[Solved] Converting .py to .exe with Anaconda

I made a python program using PyGame which is only available for Python 2.7 so that is my python version.
I am using Anaconda because it is easier to install modules and to use python, but the site hasn’t py2exe module for 2.7.
Is there another way to convert it? Or some way to install py2exe for 2.7 in Anaconda?

Solution #1:

How to create an executable using Anaconda 3 (specifically Anaconda Prompt) for Windows.

1 – Make sure pyinstaller is installed in your anaconda

pip install pyinstaller

2 – Move to the directory of your python script

cd C:Users….program.py

3 – Just type the following:

pyinstaller –onefile program.py

If everything goes well, in the folder where you have your script.py you it will be created many folders and your executable is inside folder “dist”.

If my explanation is confusing go here: https://medium.com/dreamcatcher-its-blog/making-an-stand-alone-executable-from-a-python-script-using-pyinstaller-d1df9170e263

Respondent: Rui Filipe

Solution #2:

Instead of using py2exe you could try to build your executable with pyinstaller.

http://www.pyinstaller.org/downloads.html

The PyGame package is also supported with pyinstaller according to this link

https://github.com/pyinstaller/pyinstaller/wiki/Supported-Packages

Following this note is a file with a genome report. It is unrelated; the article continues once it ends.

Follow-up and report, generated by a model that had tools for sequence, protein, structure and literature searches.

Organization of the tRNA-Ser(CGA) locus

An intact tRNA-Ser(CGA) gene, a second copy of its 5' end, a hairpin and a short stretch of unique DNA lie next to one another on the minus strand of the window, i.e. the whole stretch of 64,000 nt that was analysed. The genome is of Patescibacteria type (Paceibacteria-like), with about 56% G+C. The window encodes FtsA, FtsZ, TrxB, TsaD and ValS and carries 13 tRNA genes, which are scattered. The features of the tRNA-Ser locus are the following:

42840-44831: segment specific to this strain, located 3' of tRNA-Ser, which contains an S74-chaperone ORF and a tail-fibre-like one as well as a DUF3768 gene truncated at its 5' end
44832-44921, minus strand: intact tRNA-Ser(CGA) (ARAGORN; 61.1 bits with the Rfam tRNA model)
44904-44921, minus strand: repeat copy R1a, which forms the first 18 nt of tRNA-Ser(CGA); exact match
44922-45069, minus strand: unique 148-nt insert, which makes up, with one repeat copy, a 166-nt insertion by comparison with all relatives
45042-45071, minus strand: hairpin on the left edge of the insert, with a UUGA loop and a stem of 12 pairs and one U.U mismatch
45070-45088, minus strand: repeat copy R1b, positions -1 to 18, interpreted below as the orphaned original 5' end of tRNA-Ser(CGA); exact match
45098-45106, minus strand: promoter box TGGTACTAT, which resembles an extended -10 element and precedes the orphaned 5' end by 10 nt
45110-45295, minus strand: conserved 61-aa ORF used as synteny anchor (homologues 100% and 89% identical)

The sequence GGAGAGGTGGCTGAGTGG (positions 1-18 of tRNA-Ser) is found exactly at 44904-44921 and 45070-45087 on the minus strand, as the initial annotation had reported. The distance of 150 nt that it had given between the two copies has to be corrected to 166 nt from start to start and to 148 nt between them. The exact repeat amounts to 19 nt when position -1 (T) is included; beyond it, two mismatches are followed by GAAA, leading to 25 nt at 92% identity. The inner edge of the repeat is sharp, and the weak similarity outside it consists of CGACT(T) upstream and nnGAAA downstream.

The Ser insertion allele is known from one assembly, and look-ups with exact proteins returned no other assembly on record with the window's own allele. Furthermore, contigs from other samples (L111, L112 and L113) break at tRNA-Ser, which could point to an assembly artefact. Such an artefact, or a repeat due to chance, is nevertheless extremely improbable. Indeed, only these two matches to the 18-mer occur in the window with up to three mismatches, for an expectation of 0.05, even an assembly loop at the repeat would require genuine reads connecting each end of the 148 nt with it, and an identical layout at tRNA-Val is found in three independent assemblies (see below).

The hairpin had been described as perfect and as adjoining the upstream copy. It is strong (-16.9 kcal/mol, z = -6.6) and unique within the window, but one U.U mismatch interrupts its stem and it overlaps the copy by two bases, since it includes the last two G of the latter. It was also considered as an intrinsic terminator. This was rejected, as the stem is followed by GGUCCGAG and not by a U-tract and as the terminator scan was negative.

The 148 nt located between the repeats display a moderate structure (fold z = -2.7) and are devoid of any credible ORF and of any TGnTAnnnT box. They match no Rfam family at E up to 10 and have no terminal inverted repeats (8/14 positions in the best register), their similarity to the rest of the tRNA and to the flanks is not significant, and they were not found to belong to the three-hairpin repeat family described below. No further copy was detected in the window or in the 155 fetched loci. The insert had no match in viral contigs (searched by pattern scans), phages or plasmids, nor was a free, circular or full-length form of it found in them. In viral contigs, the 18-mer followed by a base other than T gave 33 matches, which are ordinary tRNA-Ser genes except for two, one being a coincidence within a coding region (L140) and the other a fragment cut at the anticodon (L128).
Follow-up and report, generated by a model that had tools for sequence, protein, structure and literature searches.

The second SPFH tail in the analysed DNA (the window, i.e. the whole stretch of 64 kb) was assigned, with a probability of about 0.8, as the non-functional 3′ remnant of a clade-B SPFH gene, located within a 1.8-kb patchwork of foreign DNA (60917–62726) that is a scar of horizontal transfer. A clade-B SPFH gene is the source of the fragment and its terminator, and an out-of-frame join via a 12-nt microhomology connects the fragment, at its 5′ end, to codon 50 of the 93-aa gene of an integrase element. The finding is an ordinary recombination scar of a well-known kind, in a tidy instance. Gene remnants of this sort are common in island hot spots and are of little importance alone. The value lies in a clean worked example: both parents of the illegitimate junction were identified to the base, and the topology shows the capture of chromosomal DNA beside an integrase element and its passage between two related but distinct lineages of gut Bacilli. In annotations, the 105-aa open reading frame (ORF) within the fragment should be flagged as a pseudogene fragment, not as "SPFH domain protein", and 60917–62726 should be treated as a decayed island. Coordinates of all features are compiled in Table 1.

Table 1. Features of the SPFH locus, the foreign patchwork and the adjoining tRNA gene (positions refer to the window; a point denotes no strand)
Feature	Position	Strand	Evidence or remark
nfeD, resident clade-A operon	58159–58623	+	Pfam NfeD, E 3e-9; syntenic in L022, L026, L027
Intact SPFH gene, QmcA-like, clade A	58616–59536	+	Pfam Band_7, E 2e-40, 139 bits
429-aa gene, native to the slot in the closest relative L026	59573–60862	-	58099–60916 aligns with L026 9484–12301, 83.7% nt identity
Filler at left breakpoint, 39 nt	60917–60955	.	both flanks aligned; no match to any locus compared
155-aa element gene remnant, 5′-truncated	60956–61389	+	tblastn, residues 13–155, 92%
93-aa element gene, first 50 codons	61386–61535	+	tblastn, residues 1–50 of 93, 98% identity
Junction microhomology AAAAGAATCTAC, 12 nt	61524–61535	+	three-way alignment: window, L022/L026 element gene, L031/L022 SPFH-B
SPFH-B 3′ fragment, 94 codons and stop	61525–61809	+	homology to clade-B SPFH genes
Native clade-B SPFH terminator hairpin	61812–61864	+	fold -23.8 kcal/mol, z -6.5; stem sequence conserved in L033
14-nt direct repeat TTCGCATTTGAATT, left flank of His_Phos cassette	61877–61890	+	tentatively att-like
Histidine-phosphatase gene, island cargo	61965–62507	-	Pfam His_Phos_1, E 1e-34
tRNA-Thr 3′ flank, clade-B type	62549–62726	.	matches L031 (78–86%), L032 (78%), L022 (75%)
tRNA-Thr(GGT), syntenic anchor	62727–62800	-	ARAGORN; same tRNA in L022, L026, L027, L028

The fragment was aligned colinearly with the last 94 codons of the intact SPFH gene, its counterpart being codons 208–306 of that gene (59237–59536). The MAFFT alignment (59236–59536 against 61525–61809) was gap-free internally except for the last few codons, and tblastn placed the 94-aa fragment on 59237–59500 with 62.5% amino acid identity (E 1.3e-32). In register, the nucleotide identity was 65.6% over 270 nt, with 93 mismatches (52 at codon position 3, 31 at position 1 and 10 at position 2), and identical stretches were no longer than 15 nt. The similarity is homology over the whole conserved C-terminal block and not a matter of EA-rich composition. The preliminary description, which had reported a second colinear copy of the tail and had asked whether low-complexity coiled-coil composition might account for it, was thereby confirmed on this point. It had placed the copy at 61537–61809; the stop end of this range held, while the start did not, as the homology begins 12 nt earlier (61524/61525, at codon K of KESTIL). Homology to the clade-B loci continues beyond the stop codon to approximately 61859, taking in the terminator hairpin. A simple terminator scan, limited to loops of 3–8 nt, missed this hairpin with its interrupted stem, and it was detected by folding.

Respondent: Marcel S.

Solution #3:

Another solution is Conda Constructor.

Constructor is a tool which allows constructing an installer for a collection of conda packages. It solves needed packages using user-provided specifications, and bundles those packages. It can currently create 3 kinds of installers, which are best thought of as delivery vehicles for the bundled packages. There are shell installers, MacOS .pkg installers, and Windows .exe installers. Each of these will create an environment on the end user’s system that contains the specs you provided, along with any necessary dependencies. These installers are similar to the Anaconda and Miniconda installers, and indeed constructor is used to create those installers.

The answers/resolutions are collected from stackoverflow, are licensed under cc by-sa 2.5 , cc by-sa 3.0 and cc by-sa 4.0 .

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